Ming Chun Tang

With limited access to chemical and mechanical inputs such as fertilizers, pesticides and farm machinery, Cuban farmers have pioneered innovations in sustainable agriculture out of necessity since the dissolution of the Soviet Union and the Eastern Bloc.

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USDA declines to pay for cows, crops poisoned by pesticide 25.4.2016 Seattle Times: Top stories

BOISE, Idaho (AP) — The U.S. Department of Agriculture has refused to pay claims filed by two Idaho families who contend its pesticide treatment contaminated their crops and poisoned a cattle herd. Instead, USDA told the families to file a lawsuit — a costly endeavor that could bankrupt the farms and risk the $70 million […]
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Fish hatchery hit with flood-borne ‘rock snot’ to reopen 23.4.2016 Seattle Times: Nation & World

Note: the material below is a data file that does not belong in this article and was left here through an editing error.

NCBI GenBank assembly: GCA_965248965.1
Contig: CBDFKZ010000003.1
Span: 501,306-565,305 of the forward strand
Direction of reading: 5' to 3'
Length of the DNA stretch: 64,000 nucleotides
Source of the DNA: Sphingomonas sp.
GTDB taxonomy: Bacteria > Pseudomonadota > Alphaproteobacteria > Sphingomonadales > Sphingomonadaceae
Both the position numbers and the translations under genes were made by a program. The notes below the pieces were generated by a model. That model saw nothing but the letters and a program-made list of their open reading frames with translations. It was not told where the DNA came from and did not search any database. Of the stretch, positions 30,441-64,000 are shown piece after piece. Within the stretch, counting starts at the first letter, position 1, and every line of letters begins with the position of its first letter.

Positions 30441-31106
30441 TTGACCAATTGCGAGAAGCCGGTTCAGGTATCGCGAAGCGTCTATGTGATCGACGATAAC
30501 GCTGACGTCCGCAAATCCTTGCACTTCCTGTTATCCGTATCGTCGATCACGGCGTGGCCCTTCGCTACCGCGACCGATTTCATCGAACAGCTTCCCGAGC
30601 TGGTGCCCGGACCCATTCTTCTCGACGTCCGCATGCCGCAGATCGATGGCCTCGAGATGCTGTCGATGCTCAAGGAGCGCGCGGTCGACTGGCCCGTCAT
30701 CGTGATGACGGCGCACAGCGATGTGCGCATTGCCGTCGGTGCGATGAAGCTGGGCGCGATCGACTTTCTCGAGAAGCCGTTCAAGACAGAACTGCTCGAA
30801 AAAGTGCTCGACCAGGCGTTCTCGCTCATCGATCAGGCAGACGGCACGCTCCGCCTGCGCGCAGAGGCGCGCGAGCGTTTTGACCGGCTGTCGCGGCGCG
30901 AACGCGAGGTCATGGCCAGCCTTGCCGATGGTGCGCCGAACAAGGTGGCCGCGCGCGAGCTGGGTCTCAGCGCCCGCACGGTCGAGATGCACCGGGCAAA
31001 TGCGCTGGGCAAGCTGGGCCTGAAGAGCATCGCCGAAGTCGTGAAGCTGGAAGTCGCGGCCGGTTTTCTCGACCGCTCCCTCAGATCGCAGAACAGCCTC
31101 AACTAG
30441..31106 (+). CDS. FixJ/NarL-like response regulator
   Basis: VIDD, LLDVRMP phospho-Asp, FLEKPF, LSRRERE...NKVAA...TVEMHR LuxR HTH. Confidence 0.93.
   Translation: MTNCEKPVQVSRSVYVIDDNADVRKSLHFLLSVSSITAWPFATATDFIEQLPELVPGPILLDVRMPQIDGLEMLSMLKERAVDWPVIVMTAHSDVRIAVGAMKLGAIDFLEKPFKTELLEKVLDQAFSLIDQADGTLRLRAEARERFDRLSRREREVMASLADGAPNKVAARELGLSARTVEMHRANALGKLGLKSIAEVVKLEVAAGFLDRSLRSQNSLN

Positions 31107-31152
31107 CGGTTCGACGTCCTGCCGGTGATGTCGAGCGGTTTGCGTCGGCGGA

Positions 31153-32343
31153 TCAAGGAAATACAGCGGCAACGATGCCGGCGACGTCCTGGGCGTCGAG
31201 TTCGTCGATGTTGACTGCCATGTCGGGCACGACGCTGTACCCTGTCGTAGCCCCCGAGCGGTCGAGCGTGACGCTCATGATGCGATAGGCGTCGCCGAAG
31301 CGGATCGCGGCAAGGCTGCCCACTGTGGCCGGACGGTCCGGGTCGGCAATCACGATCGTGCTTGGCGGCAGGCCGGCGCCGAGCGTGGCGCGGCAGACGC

BETHEL, Vt. (AP) — The U.S. Fish and Wildlife Service is ready to begin raising fish again in a hatchery in Vermont’s White River that was potentially contaminated by the invasive algae known as rock snot after being heavily damaged by flooding from Tropical Storm Irene almost five years ago. At the same time, the […]
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Factory farms are doomed 23.4.2016 Philly.com News
Rising human consciousness, plus the rise of plant-based substitutes, will end the cruelty in the years ahead, says Wayne Pacelle, who heads the Humane Society of the United States
Destruction of Tropical Peatland Is an Overlooked Source of Emissions 21.4.2016 WRI Stories